Pilot shares story of survival after plane crashes into ocean near Half Moon Bay

Amanda del Castillo Image
Wednesday, August 21, 2019
Pilot, passenger share story of survival after plane crashes into ocean near Half Moon Bay
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An air-to-air photo shoot over the California coast turned catastrophic for 34-year-old David Lesh and his friend Kayla.

SAN FRANCISCO INTL. AIRPORT (KGO) -- A plane went down in the water near Half Moon Bay Tuesday afternoon, triggering a response from San Mateo County agencies and the U.S. Coast Guard.

The two people on-board suffered a few jellyfish stings and shared their story of survival.

An air-to-air photoshoot over the California coast turned catastrophic for David Lesh, 34, and his friend Kayla.

Lesh is in town from Denver and organized a photoshoot to get shots of his new plane.

"We were going to go fly over the Golden Gate Bridge, and do a whole Bay tour," Lesh told ABC7 News. "Obviously didn't make it there."

Lesh said he purchased his Beechcraft Bonanza just a few weeks ago. Video was shared, showing the aircraft hitting water five miles outside Half Moon Bay Harbor.

Lesh said the plane lost all power, and he couldn't get the engine back up and running.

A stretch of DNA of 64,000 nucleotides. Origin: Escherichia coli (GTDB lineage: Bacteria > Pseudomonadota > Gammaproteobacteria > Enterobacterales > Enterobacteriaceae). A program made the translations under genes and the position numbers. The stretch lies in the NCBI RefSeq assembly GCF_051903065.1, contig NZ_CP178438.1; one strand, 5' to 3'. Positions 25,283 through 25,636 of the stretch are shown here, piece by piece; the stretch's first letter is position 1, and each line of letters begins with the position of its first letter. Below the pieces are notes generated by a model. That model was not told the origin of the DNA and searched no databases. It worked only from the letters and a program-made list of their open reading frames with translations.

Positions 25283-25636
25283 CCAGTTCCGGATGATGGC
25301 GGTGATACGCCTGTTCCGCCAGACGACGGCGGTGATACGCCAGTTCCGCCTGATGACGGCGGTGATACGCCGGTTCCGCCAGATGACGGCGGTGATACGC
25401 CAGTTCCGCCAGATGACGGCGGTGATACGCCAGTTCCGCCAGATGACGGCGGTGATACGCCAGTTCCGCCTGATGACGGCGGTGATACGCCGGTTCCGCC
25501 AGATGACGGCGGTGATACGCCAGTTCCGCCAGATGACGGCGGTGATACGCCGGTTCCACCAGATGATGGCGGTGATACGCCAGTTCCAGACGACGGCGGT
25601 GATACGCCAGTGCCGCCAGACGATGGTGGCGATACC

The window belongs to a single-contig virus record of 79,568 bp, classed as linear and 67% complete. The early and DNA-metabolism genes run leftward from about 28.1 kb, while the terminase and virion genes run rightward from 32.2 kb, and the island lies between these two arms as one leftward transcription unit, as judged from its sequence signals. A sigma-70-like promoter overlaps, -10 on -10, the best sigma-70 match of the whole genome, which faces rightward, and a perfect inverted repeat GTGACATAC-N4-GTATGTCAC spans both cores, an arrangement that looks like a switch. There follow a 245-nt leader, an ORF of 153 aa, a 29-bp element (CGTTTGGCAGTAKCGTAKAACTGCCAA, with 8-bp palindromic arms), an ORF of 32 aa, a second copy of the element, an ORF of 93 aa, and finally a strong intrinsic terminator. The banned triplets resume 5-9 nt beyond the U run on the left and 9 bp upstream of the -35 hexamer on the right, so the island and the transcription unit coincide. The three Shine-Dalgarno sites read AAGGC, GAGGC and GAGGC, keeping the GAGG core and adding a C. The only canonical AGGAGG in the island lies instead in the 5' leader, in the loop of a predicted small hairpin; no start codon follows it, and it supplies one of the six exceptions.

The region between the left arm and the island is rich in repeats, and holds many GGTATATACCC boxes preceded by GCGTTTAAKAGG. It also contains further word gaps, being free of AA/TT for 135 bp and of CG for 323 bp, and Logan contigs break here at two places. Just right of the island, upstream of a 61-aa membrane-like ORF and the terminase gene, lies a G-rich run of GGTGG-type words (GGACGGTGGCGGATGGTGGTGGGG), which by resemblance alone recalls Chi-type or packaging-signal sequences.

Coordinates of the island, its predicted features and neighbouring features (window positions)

"It skipped along the water a few times. There was like no impact. We were totally fine," Lesh described. "Got the door open right away, we piled out. I grabbed my phone, grabbed some stuff to float with and we stood on the wing as long as the plane was floating which was probably 30 seconds or 40 seconds."

"I would guess that we probably didn't have much more than maybe a minute or two from the time I figured something was wrong to the time we hit the water," he added.

Flying overhead was Owen Leipelt, piloting the lead plane. Leipelt's passenger was taking photos of Lesh's Beechcraft in the sky.

Leipelt and his passenger watched as Lesh's Beechcraft hit the water.

"At one point I lost them," Leipelt said. "I had been circling and I couldn't see them anymore, and David called me on the phone as he was bobbing in the water. He turned me around and he guided me right to where he was."

Lesh recorded the moment he and Kayla climbed on the wing. After the plane sank, he kept recording, taking video of the two bobbing in the ocean.

A short time later, the U.S. Coast Guard made contact.

"What was truly amazing about tonight was there was another aircraft on-scene that quickly responded," Lt. Commander Joshua Murphy said. "Contacted Air Traffic Control who knew to contact Airborne Coast Guard Asset and get us on-scene quickly."

Lesh continued recorded as the crew rescued him and Kayla, returning them safely to land. Both were transported to the U.S. Coast Guard Station at San Francisco International Airport.

"For as terrible as it was, as it could've been, it really wasn't bad," PO1 Mikol Sullivan told ABC7 News. "It was really a miracle."